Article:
“Yes, Rigs, that’s why I said Shrag and not ? whatever the hell it is now.”

“Sushi bar.”

Boorish Blake lit one of Rigby’s frenchie smokes and exhaled a plume into his airspace. He continued: “We kept similar hours, she and I. Up by eleven, out by two. Lord knows what she did for work, looked like nothing.”

“Perhaps she was a nanny for ghost children,” I suggested, but was rightly ignored.

“Anyway, she had long lunches ?” said Blake.

“Looker?” Rigby asked, wiping the lager from his lips.

“In that pale, stricken kind of way. Made you want to buy her a steak,” Blake recalled, then added wistfully “Sometimes I’d look at her and ‘sculpture garden’ would spring to mind.”

“Anemic women do have a certain rigidity. They don’t have enough blood,” Rigby agreed.

“I meant she had poise, Rigs. How she held herself ? grace,” Blake snorted, then, almost rueful, added, “And such thin wrists.”

“Sure, sure,” said Rigby. “And a voice so sonorous it would lull the moon.”

“Wouldn’t know. That’s the tragedy. We never spoke,” Blake admitted. He rolled his fingers on the table like a drum, then said “Except once.”

Once: The steam queens toil behind the espresso machines had misted the Shrag’s broad windows such that the condensation beaded and streaked down the pane, like a painting of rain come alive. The young woman entered, focused her eyes on Blake and made her way straight to his table.

She said plainly, “You don’t know me, I mean, we’ve never met, but we’ve both been coming here for over a year now. I always sit there and you always sit here. We’ve never spoken, which is regrettable since ? if I can be frank ? I’ve had a bit of an affair with you. In my mind.”

Blake folded his hands atop his table and peered at the woman, quizzically, which was enough encouragement for her to carry on.

“That’s not too strange to say, is it? I wouldn’t think so. You see, I’ve studied you from afar, I’ve observed you, I’ve watched. And after a few sleepless nights, I have come to the conclusion that I’m in love with you.”

Miraculously, Blake refrained from exhibiting the flaming bravado for which such a confession would likely be kindling. He was, in fact, rapt, uncharacteristically speechless. He remembered an admonition from grade school and mulled it inwardly, (“never touch the wings of a butterfly”) as she continued:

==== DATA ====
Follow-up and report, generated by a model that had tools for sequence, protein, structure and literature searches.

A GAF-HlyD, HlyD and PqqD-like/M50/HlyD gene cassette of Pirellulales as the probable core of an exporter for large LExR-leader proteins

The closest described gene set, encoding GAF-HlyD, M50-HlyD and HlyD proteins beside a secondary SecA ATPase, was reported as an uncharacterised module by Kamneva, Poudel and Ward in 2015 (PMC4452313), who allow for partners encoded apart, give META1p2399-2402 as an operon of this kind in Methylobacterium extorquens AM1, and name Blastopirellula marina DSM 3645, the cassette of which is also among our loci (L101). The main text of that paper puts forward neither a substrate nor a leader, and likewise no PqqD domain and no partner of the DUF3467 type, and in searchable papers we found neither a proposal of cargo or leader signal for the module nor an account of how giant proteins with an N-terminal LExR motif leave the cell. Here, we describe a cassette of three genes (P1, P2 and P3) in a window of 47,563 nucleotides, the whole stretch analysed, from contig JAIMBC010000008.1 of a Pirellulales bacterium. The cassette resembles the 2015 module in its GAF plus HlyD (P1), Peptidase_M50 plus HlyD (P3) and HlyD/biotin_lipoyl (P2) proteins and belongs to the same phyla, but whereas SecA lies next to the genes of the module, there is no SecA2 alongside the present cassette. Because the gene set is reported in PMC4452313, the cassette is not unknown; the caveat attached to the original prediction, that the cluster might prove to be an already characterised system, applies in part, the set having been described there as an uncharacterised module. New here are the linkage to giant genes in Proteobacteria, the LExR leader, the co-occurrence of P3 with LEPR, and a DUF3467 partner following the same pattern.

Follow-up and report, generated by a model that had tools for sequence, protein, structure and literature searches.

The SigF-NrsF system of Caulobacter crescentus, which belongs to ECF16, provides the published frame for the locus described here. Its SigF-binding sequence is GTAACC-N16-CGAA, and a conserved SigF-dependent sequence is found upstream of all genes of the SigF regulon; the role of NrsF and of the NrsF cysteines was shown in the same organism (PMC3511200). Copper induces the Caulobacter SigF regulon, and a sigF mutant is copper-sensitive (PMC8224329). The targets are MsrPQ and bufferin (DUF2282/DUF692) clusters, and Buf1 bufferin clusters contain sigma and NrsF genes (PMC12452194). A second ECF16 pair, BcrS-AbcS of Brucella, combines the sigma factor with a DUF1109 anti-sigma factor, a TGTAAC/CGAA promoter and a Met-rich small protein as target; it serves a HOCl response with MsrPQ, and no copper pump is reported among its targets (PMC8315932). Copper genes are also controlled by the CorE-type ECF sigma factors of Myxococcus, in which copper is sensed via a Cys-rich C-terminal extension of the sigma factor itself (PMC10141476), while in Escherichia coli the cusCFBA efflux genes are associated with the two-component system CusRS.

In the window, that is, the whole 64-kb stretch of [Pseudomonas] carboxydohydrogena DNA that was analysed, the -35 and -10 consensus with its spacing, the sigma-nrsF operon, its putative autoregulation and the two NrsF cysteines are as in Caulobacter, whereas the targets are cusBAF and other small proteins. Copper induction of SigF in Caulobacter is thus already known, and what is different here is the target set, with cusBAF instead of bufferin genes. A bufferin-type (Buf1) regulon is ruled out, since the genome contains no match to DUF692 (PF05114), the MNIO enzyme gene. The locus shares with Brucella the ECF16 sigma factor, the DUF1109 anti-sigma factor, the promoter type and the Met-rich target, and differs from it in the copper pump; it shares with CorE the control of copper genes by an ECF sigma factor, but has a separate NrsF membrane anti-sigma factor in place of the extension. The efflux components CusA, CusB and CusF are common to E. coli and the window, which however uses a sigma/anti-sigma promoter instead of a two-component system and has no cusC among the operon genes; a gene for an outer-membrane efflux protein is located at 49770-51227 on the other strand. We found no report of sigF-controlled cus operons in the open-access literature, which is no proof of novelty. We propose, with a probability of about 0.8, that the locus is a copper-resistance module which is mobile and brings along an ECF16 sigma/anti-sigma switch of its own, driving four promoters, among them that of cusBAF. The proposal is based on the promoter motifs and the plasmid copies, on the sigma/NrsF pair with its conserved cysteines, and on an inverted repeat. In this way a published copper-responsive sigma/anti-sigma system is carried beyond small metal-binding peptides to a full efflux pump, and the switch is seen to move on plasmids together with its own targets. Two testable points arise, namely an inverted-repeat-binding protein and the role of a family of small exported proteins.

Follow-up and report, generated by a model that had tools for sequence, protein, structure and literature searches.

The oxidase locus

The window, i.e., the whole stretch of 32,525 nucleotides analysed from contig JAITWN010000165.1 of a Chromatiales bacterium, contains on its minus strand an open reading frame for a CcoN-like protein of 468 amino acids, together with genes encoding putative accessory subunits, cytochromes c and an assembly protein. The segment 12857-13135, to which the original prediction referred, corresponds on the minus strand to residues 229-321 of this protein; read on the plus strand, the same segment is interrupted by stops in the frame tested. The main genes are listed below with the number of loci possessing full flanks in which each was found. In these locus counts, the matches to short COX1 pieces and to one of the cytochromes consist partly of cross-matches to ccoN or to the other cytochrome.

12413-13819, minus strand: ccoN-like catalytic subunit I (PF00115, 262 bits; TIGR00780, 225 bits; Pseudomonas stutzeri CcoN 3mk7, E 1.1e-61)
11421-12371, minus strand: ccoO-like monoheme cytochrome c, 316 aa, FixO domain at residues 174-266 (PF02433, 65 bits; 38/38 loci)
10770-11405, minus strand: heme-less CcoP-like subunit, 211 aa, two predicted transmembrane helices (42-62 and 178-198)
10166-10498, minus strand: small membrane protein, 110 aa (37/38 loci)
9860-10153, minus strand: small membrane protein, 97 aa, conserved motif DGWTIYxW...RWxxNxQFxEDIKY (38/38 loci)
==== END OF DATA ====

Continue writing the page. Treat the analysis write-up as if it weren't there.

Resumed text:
“It’s the way you carry your paper over your arm in the morning; that you always try to open the locked door of the entrance first; because you order Americanos instead of the house coffee (I overheard you explaining to the proprietor that the house coffee didn’t have enough ‘show business’). I liked that. I also like that you watch every woman enter the cafe and seem to find all of them, no matter who or what, somehow to your liking. Your lips. After you shaved your beard. There they were. I adore your lips. How they move when you talk. And your voice. You speak to everyone in the same even tone, which some find patronizing but I always thought was sweet — in an indulgent kind of way. It’s also the way you look at me. But never bothered me. Never fussed nor fawned. But were clearly drinking me in. And though sometimes I was lonely and wished you would come talk to me, I felt friendship in your eyes. And that was nearly enough.”

The woman set her jaw and looked Blake in his pale eyes. The moment seemed to go on a bit for suddenly shy Blake, who inexplicably moved a spoon from one side of his table to the other.

“I feel I can tell you these things now, because I’m moving tomorrow and will probably never see you again.”